A new study of the U.S. National Institutes of Health (NIH) showed the prevalence of COVID-19 in the United States during spring and summer of 2020 far exceeded the known number of cases, and that infection affected the country unevenly.
NIH researchers estimated that there were 4.8 undiagnosed cases for every diagnosed COVID-19 case in this time frame, representing an additional 16.8 million cases by July alone, according to the study published on Tuesday.
The team recruited over 240,000 volunteers from across the country, then selected 8,058 individuals from that pool through quota sampling to ensure that their study cohort was representative of the U.S. population.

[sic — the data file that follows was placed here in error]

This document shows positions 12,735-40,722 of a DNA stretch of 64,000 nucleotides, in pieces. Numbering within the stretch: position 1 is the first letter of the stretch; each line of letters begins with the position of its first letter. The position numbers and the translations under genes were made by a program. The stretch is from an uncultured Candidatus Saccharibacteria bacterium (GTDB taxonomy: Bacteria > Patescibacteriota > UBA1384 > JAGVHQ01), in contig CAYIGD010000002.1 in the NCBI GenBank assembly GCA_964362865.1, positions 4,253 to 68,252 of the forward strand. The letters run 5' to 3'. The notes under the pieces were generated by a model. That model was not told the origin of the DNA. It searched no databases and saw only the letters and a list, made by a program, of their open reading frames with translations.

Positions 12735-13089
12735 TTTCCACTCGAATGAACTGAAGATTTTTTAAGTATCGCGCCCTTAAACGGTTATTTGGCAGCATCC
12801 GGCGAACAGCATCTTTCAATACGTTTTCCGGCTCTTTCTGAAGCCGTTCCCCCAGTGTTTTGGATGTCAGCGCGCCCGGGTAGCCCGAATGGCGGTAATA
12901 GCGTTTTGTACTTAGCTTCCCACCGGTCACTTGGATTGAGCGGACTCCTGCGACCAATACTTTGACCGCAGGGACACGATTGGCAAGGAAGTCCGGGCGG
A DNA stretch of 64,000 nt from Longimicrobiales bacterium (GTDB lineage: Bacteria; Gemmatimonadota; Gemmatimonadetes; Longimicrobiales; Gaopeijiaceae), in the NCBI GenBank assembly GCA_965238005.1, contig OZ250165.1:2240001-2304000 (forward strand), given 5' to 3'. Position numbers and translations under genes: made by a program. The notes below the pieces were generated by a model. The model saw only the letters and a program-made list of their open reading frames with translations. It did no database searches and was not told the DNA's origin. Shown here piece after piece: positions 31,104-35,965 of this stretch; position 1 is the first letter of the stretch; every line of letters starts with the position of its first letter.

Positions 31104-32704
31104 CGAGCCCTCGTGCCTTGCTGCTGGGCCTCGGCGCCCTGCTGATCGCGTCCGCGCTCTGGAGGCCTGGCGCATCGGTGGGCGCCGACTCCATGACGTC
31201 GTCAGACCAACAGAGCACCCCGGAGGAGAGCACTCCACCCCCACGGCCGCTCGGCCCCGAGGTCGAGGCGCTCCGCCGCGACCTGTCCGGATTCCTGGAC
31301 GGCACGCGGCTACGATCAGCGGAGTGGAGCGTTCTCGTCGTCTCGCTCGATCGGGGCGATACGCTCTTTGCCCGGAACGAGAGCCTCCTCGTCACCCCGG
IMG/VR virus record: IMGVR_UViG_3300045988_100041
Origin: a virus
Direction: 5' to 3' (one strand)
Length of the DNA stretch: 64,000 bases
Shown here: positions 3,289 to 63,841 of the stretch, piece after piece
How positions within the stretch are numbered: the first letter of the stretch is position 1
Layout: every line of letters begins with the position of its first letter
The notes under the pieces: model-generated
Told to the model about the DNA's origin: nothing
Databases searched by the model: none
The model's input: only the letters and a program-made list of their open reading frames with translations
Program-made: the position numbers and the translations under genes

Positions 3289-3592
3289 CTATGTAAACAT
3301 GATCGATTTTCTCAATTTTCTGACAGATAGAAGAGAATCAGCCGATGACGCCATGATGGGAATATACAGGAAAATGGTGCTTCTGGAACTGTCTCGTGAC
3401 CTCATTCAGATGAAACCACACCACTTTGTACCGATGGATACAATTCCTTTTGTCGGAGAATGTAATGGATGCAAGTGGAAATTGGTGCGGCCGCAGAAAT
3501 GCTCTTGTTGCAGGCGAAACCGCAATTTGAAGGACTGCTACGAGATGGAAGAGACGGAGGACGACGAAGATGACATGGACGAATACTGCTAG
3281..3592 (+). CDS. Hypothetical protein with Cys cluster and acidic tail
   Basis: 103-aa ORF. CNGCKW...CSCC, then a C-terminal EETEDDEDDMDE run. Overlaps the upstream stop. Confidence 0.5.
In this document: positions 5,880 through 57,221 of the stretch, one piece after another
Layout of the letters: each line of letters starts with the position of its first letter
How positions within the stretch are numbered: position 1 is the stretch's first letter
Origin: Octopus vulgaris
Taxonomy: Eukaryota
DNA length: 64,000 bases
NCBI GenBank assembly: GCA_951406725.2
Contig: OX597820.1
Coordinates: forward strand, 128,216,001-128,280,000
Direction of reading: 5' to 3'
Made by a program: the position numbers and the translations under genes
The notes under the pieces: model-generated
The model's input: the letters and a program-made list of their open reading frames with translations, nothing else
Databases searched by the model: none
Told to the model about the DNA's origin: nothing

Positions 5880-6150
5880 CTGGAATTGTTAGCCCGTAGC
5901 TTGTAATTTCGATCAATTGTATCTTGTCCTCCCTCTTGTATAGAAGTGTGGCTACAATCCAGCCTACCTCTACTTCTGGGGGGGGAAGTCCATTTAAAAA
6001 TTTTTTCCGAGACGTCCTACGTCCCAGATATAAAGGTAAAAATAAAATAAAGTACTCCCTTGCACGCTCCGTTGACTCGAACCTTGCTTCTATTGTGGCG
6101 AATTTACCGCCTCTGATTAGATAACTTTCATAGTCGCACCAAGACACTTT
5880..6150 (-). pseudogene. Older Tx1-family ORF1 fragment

The researchers found that 304 of the approximately 8,000 blood samples were seropositive, meaning that they contained antibodies against the SARS-CoV-2 virus.
These analysis offered insight into the undetected spread of the virus and subgroup vulnerability to undiagnosed infection, said the NIH in a statement.
"The information will be invaluable as we assess the best public health measures needed to keep people safe, as new -- and even more transmissible -- variants emerge and vaccine antibody response changes over time," said Bruce Tromberg, director of the U.S. National Institute of Biomedical Imaging and Bioengineering.